Hooper had always found them to be a little too ingratiating. The type of organic who needed to constantly give in order to win favour. Hooper felt that it was a trait to mask something. He put it down to the man being a bit weak and easily confused, but that was obviously just an act. Hooper had to admit that it was a good act. He would have never placed him as a covert operative. Clearly a clever and dangerous one.

The computers were now placing the certainty that they were in each of the three suspect locations. These were three separate buildings where the data had been changed to hide their presence. They were good at hiding themselves, this organic. They had used that software cleverly. But once you had the key to how it worked you could undo any change to sensor readings. Hooper had reversed the alterations and now had a clean set of reports.

Someone had gone to the most expensive coffee shop in Judiciary Central. They had purchased a coffee and a hot chocolate and paid in credit bars which are virtually untraceable. However the shop paid its taxes immediately to avoid interest rates and so the transactions showed. They had gone to the storage locker room and drank their drink. However Hooper’s suspect didn’t go to the coffee shop, the officer on watch did. So very clever. They weren’t hiding themselves, they were hiding their unwitting accomplice.

Hooper knew how the conversation would have gone. His target would arrive and smile as they always did. They would have some pretext to be there, since they ran most of the clubs, events and societies there were lots of reasons for them to talk to people that wouldn’t be official or related to a case. Anything related to active investigations was strictly recorded and monitored. Anything requested for a closed or cold case was recorded. They would have offered a drink, they had done that with Hooper lots of times. They would have made note of the old injury and sent the officer on watch to get the drinks. That gave them time alone in the storage lockers to do as they pleased. Since they could alter the data later and make themselves invisible to records they could have free reign of any location. The software was sophisticated enough to mask logins. But Hooper guessed that they had acquired login cards and methods to access systems using other people’s details.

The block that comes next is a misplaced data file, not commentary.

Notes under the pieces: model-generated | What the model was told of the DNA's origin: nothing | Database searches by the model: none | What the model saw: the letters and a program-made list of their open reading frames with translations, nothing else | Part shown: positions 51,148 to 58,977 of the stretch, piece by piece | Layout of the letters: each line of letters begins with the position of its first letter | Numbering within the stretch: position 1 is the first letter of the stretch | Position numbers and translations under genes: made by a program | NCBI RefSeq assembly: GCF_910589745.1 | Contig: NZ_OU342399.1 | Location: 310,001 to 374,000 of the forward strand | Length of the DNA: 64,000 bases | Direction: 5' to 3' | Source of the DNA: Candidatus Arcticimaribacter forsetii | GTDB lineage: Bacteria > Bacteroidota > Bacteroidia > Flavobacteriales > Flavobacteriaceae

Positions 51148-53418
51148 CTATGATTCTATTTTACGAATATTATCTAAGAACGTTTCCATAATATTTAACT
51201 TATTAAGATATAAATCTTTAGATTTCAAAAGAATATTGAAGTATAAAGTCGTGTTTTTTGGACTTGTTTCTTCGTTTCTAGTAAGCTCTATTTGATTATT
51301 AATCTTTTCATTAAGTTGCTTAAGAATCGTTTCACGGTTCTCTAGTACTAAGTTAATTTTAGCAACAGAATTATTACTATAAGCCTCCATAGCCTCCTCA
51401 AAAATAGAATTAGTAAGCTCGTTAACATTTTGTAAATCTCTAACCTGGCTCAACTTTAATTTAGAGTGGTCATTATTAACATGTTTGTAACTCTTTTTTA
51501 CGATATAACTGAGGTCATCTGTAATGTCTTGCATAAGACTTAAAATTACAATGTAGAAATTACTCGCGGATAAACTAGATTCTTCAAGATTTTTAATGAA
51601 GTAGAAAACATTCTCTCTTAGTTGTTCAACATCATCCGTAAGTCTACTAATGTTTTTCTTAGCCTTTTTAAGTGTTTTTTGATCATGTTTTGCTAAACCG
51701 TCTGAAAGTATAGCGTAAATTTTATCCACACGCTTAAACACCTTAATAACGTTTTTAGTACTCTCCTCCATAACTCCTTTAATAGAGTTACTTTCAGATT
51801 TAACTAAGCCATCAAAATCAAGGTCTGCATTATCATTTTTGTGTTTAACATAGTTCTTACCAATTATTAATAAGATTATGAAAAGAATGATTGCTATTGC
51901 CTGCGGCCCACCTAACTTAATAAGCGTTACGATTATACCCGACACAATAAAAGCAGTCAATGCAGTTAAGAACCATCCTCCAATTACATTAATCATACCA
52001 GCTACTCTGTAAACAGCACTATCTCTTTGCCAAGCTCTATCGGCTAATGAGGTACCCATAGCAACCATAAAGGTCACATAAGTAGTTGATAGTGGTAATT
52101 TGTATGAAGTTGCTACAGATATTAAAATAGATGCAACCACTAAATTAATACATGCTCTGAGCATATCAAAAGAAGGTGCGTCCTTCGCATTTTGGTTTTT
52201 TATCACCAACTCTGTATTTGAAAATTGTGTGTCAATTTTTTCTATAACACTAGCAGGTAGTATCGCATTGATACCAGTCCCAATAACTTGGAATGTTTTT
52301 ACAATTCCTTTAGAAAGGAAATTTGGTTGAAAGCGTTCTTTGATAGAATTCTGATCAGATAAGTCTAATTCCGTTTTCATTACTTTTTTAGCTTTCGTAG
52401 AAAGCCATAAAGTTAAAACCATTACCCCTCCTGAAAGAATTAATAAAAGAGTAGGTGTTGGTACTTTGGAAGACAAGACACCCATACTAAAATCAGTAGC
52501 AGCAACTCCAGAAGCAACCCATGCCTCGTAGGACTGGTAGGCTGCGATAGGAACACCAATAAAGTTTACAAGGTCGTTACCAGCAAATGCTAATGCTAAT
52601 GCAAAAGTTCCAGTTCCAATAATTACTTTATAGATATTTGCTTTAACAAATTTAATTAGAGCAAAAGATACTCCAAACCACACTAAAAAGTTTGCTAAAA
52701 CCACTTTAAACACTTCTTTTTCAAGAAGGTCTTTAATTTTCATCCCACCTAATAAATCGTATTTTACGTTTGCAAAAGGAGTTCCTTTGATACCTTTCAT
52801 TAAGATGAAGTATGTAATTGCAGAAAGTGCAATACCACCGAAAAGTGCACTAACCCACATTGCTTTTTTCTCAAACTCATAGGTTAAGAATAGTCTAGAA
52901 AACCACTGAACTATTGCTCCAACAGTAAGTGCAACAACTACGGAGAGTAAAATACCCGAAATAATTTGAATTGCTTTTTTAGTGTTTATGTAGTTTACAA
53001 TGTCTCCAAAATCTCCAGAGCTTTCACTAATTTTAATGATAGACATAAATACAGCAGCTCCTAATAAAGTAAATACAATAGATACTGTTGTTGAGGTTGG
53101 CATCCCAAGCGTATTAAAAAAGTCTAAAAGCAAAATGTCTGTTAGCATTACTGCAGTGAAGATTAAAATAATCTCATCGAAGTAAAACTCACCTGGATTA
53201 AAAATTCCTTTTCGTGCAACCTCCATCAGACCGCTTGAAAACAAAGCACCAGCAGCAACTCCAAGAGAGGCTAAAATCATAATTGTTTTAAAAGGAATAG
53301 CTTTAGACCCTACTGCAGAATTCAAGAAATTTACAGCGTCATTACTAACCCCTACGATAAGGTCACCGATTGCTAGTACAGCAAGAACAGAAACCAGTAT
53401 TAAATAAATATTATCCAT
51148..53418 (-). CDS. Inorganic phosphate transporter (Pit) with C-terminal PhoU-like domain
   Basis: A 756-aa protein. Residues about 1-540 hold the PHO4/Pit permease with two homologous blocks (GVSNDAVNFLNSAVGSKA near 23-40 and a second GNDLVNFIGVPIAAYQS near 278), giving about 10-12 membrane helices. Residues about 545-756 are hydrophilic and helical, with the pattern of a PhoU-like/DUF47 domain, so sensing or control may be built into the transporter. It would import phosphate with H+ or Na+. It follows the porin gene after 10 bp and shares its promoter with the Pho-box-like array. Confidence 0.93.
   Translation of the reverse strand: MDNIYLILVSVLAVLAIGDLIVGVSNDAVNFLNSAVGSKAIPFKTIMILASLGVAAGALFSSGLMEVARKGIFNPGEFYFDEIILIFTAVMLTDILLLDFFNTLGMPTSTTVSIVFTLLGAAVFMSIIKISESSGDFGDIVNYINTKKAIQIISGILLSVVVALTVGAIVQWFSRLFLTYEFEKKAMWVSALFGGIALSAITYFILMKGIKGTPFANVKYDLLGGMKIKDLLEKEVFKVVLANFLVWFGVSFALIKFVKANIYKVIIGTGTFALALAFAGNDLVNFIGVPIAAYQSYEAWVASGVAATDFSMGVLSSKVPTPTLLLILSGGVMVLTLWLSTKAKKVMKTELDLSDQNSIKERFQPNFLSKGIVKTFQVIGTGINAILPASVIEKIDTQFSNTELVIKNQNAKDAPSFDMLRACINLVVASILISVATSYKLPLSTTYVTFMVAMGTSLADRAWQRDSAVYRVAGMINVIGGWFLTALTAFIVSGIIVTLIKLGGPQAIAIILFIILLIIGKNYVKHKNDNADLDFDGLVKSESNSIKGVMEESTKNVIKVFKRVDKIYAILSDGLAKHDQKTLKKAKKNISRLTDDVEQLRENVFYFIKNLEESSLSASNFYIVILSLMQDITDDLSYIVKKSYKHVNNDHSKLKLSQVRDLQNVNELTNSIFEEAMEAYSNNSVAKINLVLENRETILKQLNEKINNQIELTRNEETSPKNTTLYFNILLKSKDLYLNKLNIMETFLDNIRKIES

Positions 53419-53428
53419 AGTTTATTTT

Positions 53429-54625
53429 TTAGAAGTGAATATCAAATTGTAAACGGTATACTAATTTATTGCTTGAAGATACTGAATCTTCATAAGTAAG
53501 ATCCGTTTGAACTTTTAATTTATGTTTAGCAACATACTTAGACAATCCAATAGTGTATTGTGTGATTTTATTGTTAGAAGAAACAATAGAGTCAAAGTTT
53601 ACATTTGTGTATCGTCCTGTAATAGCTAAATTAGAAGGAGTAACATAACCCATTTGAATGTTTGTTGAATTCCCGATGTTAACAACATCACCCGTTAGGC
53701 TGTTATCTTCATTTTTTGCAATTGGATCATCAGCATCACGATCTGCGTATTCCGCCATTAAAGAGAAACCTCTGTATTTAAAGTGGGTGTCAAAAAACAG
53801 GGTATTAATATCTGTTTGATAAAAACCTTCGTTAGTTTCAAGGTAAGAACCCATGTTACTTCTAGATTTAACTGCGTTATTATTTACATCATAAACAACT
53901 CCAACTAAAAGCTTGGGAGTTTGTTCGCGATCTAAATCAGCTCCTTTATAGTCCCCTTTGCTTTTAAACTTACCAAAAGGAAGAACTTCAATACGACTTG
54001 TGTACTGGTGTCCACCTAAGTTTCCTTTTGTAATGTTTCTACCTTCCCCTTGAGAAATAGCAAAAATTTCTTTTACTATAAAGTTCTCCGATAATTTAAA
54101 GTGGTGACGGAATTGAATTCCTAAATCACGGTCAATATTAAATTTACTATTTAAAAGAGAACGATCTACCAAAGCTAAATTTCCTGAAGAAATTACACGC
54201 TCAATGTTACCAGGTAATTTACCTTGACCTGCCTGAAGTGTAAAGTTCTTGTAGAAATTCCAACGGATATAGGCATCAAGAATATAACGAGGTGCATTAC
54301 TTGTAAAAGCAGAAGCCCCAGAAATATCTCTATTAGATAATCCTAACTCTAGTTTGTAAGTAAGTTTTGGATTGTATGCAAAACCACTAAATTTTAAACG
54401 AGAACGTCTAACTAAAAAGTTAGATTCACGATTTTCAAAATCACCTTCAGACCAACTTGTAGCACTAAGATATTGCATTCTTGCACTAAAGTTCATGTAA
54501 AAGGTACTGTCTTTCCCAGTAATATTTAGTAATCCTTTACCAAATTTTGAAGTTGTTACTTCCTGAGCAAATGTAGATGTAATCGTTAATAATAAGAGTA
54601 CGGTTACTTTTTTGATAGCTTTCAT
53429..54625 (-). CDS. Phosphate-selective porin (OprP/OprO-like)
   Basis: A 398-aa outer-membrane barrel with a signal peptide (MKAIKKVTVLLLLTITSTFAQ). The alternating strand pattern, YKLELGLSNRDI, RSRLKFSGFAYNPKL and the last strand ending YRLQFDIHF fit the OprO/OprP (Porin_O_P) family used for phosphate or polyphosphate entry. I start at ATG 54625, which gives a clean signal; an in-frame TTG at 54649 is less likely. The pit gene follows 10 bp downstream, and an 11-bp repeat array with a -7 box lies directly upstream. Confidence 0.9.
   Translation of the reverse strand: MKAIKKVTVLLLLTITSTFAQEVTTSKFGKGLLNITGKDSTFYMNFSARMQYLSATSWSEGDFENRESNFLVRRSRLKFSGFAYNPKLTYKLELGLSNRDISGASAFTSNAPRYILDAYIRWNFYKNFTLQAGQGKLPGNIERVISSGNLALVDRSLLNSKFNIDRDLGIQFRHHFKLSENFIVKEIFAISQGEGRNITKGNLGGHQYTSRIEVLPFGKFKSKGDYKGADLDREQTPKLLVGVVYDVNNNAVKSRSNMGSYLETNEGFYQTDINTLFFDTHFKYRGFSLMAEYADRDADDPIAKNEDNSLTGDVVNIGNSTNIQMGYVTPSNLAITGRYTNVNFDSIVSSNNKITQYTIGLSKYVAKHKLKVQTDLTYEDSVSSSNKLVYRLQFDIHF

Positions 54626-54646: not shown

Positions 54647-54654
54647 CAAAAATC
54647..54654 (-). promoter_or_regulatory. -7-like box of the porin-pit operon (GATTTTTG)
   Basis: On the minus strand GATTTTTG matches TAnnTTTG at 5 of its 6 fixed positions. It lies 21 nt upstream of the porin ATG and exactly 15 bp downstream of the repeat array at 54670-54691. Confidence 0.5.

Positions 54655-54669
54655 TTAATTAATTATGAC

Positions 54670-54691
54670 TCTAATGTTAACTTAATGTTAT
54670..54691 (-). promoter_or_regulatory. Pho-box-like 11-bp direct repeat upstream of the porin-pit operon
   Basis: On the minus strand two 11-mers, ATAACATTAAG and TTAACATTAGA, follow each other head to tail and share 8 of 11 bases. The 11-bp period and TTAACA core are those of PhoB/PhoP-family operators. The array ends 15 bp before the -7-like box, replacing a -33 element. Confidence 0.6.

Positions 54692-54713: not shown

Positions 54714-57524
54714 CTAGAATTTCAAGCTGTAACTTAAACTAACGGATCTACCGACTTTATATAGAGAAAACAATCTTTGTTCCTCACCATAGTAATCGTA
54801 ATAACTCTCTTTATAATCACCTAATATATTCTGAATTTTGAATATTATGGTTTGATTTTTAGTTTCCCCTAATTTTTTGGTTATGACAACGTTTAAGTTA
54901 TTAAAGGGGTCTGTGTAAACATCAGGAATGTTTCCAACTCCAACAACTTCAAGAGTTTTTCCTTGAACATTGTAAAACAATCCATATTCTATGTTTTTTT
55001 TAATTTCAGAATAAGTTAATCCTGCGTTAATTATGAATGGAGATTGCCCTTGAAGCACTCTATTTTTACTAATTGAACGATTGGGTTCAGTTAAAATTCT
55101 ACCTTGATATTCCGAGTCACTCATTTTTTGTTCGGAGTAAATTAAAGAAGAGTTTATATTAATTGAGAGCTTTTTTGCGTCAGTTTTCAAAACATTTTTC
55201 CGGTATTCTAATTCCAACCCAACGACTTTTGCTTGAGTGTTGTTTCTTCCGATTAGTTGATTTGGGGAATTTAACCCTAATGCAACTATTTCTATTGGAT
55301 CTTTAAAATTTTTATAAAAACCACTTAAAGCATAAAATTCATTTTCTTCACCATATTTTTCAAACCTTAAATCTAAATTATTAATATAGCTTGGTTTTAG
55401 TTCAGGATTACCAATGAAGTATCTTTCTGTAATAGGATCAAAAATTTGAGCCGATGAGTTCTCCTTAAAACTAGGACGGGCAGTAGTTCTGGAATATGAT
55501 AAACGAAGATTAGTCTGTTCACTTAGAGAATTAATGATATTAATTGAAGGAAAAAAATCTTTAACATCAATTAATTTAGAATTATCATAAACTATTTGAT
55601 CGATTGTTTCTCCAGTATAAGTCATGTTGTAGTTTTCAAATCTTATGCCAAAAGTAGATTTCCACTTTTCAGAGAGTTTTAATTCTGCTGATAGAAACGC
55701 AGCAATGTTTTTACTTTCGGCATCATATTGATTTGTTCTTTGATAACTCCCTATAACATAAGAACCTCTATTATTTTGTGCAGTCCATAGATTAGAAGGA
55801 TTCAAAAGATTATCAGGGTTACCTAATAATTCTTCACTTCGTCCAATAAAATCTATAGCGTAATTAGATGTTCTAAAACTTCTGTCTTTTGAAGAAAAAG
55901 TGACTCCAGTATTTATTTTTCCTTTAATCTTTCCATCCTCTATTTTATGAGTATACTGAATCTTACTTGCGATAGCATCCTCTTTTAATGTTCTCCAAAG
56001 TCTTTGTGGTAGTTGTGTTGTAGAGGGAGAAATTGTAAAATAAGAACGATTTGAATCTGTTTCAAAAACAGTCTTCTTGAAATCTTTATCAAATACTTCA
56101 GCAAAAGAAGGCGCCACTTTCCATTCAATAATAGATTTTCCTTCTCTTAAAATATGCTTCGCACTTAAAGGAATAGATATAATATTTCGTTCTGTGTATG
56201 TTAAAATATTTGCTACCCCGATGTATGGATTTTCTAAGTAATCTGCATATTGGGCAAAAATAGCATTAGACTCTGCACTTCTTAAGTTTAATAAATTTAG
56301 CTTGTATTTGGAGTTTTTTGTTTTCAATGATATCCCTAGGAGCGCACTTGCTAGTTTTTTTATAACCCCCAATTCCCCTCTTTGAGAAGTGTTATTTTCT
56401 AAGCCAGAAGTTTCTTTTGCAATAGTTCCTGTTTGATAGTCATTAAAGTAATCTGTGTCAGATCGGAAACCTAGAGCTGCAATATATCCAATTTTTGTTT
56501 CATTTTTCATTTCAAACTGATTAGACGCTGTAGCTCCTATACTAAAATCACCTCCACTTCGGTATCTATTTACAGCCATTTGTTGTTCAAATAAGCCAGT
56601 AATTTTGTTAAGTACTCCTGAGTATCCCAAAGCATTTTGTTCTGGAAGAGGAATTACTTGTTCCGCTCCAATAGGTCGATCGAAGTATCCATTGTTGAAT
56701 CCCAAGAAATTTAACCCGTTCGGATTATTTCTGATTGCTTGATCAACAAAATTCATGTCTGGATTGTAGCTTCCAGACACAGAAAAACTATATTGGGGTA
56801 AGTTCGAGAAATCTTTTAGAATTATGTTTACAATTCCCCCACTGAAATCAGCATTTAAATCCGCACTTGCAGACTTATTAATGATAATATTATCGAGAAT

It was smart. It wasn’t overly complex once you had the ability to re-write sensor data. And if you were a desk sergeant, who had quarters at central and ran all the paperwork, it was clearly surprisingly easy. Hooper would have doubted that anyone could get away with this, had they been asked beforehand. But, since the whole of internal investigations was run using the tight sensor analysis and observation by computer, a system that had been corrupted, no one would have found out. Not unless they did what Hooper had done and known that someone had falsified data. The system believed itself unbreached and infallible.

They must know they had been burning their bridges with the attack on the mortuary and the plains. Even if Hooper had been killed and the trail gone cold at that point, a trail would have been established. The next time a full audit was run the missing missile platform would be discovered and a full investigation would be the natural outcome. So Hooper guessed that they had to be preparing to bolt, or had already gone.

Hooper prepared an initial report and sent it to the Artificial Intellect Judge that had authorised all of Hooper’s progress. To keep things tightly contained he was working with an outside agency who had their own legal representation at the highest level. It was the protection division arm of the government. A smaller, but no less influential, judicial arm who normally only concerned themselves with political legalities. Hooper needed an outside agency. He knew that Justice computers and systems were compromised so had to have an organisation that was close, but still separated.

Hooper sent the report through a security coded channel and at the same time pulled the waiting messages from the server. There were several short messages, mostly from the four people he trusted with the information of him being alive. He opened the most recent one first. It was from Drick and it had just four words, ‘We have a confession’.

Written in 365 Parts: 163: The Quality of the Chocolate

The answer lay, rather unusually, in the quality of the chocolate.

Hooper was running out of time. In less than three hours the favour Hooper pulled, to make sure that their apparent death was a falsehood and Hooper was actually alive, would be posted to the department. Just before that the statistics for computer research time, and artificial intelligence usage, would be revealed. The vast amount of data crunching that Hooper had been running would be visible. Anyone with a moderate level of access would be able to drill down a level or two in the statistics and see how it was being used. If his quarry had any sense they would notice this and be gone. It was an even chance they had fled already. It was a certainty that they would have flags in the system.